3. I'd hazard a guess that 99.9% of the folks who aren't in the top physical tier would get more benefit out of getting stronger or losing excess/ unnecessary fat (or both) rather than ditching that 5# piece of equipment for a 2.5# compromise. Ounces are pounds and all that, but if one is huffing and puffing going up the stairs, one best start working out instead of spending money on a new super hyper operator light pack in Kryptek Highlander to shave half a pound.

    1. Agree r.e. getting in better shape, but it is better to do both. Much of the weight cutting can be done by reducing unneeded / overly heavy stuff, not spending hundreds on titanium spectra sil nylon gear.

    2. Agreed. I forgot to mention that this would be more relevant in a "just slightly over the imposed weight limit" scenario. If one is closing in on the imposed limit (say 40#) and one is at 43.5# gear but can't hike a mile WITHOUT a pack, one shouldn't be going for lighter compromises; they should do some MetCons/ cardio/ [insert practical exercise here].

  4. Strongly agree with all the points above!

    BTW, I know it's a bit off topic but in regards to keeping weight I can't recommend enough is nature's Nalgene--the humble Powerade bottle.

    It is quite a bit lighter than a Nalgene and still holds roughly a quart of water--so certainly something to consider if you want to shave off a little bid of weight. I used to use Gatorade bottles but about a year ago they changed the plastic to a flimsier material so now I go with the indestructible 1 quart Powerade bottles. They can nest perfectly in a standard GSI metal cup or any Naglene carriers/pockets/sleeves. The mouth is just wide enough to drop in standard ice cubes, but narrow enough that you aren't spilling all over the place when you try to take a sip--which is very much the case with a typical Nalgene bottle, particularly when on foot or in a vehicle. And best of all they are super cheap! You can get a dozen for the price of a Nalgene--plus you get free Powerade to drink!!! Heck you could get a couple just for the price of one of those Nalgene splash guards. The cheap price also makes them disposable--if you ever feel the need you can throw one away, chuck it around, or trash it up you can do so without shedding any tears. But that being said they are BOMB PROOF! I have one I've been using heavily for over 2 years and it's still as good as new. And I'm as clumsy as a person can be and drop things constantly. Oh and speaking of that, they are textured in a way that makes them much easier to hold and less slippery than a Nalgene. This also makes them more accepting of lashings--unlike a smooth walled Nalgene there are quite a few places you can securely tie a cord around to either lash the bottle to a pack or attach a simple carrier strap. They are also made of PETE plastic--which means they are ideal for food storage. Pop in your food, an oxygen absorber and your set! You could probably even skip the oxygen absorber and squeeze out some air when you seal the cap. Again, I know it's a bit off topic but I can't recommend these enough as a light weight piece of kit!!!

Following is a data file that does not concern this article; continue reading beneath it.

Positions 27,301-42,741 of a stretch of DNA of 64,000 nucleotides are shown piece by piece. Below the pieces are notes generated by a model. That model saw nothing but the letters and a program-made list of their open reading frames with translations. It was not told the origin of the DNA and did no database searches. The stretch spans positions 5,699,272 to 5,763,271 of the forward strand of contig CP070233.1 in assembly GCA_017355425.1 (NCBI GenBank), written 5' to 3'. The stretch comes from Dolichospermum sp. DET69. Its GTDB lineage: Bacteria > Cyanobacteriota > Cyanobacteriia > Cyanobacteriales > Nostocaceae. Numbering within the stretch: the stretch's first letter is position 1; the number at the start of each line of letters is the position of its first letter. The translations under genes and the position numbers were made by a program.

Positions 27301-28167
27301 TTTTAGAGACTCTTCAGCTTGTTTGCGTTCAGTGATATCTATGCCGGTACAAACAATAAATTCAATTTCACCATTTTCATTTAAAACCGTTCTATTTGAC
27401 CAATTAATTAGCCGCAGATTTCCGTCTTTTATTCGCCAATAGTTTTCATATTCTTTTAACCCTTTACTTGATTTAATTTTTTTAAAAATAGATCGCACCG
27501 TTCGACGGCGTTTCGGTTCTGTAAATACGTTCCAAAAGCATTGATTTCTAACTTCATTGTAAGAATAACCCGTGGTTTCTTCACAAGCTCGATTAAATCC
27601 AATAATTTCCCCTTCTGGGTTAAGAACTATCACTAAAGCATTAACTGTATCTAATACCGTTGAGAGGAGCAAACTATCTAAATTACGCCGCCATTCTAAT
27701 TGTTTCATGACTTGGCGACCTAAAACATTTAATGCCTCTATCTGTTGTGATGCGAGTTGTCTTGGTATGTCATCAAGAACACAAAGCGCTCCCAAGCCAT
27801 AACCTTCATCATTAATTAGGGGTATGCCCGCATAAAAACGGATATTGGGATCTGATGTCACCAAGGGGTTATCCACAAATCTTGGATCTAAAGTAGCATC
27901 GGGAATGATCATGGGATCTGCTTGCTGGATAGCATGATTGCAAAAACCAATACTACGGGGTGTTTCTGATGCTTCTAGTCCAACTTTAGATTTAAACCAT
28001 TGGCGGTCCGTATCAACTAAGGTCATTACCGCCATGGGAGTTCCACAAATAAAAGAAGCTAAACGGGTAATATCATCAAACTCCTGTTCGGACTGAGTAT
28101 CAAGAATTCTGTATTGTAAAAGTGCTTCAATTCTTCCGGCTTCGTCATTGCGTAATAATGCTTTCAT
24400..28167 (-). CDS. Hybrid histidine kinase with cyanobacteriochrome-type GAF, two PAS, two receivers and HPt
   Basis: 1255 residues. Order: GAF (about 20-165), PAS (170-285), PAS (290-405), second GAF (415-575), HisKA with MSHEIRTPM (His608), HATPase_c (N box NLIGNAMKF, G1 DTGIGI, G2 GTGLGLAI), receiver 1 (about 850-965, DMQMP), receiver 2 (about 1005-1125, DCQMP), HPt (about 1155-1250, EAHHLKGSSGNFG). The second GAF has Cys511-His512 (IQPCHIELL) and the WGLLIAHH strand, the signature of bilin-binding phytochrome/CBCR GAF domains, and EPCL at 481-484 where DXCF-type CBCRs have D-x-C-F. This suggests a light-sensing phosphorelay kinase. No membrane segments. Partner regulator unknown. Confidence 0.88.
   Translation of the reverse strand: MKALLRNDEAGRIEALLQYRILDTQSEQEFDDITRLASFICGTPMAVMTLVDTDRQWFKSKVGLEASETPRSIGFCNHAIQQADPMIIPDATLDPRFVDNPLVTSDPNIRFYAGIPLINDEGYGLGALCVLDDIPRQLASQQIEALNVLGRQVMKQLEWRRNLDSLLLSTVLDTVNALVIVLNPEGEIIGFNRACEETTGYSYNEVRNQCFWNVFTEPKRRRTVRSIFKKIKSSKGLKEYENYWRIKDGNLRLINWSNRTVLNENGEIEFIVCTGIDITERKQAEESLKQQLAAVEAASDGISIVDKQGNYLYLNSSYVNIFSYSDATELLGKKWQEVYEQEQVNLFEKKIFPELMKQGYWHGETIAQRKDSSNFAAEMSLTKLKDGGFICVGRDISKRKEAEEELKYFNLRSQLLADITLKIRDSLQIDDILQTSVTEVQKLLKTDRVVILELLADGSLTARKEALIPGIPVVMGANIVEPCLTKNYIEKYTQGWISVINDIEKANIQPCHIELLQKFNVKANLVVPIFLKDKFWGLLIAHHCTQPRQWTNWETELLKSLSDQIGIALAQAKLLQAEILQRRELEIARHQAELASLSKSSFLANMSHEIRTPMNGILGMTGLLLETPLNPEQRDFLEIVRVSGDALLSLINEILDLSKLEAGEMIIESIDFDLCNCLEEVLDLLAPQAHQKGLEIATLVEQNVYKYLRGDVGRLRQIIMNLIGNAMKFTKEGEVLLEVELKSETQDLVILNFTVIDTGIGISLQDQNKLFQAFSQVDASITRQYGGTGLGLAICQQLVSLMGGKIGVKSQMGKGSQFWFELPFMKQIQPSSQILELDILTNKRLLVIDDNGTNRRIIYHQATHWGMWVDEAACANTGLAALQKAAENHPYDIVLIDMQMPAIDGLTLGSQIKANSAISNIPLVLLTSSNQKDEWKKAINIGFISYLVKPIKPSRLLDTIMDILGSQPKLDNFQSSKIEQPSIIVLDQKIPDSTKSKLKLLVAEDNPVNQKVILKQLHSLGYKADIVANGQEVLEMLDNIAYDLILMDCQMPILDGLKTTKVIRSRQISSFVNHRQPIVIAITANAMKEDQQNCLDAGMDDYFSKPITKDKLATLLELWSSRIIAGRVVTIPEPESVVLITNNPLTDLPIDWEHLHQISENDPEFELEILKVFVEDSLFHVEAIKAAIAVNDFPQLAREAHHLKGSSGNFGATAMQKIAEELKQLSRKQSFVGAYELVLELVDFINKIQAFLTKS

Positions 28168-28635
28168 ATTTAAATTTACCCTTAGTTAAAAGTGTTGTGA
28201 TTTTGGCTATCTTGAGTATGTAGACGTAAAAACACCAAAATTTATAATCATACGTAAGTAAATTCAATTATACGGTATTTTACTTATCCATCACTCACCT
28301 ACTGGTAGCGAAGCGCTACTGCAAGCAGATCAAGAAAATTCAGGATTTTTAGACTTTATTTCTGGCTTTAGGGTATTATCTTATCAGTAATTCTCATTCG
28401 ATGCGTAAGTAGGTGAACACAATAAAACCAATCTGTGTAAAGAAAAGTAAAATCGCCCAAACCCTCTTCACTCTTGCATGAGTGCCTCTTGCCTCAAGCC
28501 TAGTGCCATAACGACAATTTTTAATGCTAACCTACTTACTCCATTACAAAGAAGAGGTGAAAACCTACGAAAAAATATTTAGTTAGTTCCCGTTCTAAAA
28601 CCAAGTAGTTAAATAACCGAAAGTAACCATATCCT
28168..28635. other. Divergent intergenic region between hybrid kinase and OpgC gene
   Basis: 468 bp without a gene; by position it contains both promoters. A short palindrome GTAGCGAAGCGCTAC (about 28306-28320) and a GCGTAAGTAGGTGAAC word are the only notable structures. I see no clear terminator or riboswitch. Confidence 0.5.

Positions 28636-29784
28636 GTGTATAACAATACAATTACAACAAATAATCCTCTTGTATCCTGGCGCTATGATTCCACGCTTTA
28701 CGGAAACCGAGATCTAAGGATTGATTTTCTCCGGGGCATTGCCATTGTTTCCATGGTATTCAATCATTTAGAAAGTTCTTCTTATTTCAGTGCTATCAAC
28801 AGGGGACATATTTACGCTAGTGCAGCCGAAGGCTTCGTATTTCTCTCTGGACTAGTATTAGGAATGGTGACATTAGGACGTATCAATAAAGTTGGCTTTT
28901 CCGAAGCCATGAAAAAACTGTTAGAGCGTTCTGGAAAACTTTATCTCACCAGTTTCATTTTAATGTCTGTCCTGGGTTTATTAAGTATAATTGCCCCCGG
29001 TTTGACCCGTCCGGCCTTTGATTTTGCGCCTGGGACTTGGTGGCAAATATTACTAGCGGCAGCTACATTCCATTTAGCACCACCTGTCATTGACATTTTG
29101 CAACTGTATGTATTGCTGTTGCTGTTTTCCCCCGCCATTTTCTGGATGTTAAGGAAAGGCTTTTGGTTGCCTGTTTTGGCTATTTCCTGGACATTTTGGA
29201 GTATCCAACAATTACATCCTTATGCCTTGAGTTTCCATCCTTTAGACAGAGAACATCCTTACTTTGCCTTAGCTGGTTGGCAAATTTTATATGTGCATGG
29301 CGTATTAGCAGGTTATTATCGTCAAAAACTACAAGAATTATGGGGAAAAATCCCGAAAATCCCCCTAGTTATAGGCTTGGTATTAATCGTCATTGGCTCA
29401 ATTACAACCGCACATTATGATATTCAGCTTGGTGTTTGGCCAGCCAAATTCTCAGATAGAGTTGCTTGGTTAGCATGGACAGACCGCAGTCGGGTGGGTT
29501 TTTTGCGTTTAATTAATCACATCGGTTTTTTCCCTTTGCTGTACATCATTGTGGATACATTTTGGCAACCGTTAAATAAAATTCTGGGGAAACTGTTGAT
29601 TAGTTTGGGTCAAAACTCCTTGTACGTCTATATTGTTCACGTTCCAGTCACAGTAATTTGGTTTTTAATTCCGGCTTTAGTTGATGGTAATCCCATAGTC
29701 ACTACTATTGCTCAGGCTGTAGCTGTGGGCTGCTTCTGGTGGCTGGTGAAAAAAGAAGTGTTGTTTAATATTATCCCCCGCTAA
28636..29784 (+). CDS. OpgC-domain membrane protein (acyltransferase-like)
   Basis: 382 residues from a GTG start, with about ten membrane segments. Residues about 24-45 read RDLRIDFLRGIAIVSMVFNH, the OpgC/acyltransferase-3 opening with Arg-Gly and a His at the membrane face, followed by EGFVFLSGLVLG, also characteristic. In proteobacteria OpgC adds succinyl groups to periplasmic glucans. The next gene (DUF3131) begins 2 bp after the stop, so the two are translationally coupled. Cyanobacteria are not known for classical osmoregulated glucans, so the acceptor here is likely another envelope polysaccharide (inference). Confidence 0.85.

5. riverriderMarch 11, 2015

    well, first ditch the tent unless you're going to everest. use a tarp or bivy. on that note ditch the heavy army bivy and get or make your own ultralight silnylon bivy. same for tarps, much lighter. short trips, no cooking except maybe in your canteen cup. no need for stoves, fuel, etc. and just how much ammo can one guy expend before biting the dust without air, arty, dustoff, etc? not very much. be realistic.

  6. I also really liked that book. If you haven't read Charlie Beckwith's "Delta Force" you should.


  7. Having recently returned to backpacking there is indeed a huge difference. I have a crushed vertebrae so I have put a ton of effort into a lighter pack and a lighter me. I started out with a 45 pound pack and 200 pound me. I lost 25 pounds and got my pack down to 20 pounds(base weight ) for two / three days! Total of 50 pounds lighter on the trail! I cover much more ground much more comfortably now. In a get home scenario that equates to less time on the road which further results in less gear. The book "Ultralight Backpackin Tips" is a great place to start when examining your pack weight. It can be found here:


    It may not speak directly to get home bags but, there are a lot of great thoughts that do apply.

  8. Going ultralight is fine for a training mission or a weekend in the woods, but if I'm bugging out from my house and probably never returning...I'm gonna carry as much as humanly possible. Whether I have to drag the pack, put it on a wagon and pull it, or crawl on my hands and knees...I'm gonna make sure I have ALL my gear with me (and probably a couple of weapons slung over my shoulders and hanging off my belt).

  9. Good thoughts, but all of this is case-by-case. Don't sacrifice key gear and redundancies for weight reduction. If you saved 4 lbs by leaving proper cooking or sleeping gear, you can find yourself covering lots of ground but SOL. Couple ultralight guys ran into my friends group above the tree line on a hike. the UL guys were using a wood burning stove to save weight on fuel. Wound up using my friend's stove because they had nothing to burin in theirs. Don't carry an 80 lbs pack but don't let weight obsession blind you into doing something stupid or life-threatening (like leaving snow shoes behind on a winter mountain hike). Smarter, not harder!

    1. riverriderMarch 12, 2015

      served 29 years,much of that field duty. never once really needed a stove on a field op. wanted/ carried, but never needed. every other man can carry a fartsack and hot rod it as 50% should be on security anyway. same with mission essential equipment. short missions you can go mildly hungry if need be, rangers do it for months. eat a whole pizza when you get home. we want to be comfortable, we need very little. embrace the suck, this ain't camping.

    2. Embrace the suck...yup that sums it up.

  10. The way I cut weight is multi-purpose items. No tent - hammock and bug netting works fine, both compress well too.

    The killer in pack weight in my area - water. Very small amounts of natural water sources here, and hiking requires water, especially in summer. Water is heavy ( a bit over 8 lbs. a gallon) so you have a problem. The plus - very few really cold days, hardly ever even freezes and that only for overnight so bulky cold weather clothing / sleeping bag is not often needed. That snugpak jungle bag sounds right up our alley - thank you for the suggestion! The Power Aid bottle trick is already used for the reasons given above - it works well. Though I still prefer the 1 quart canteen cup over the round cups.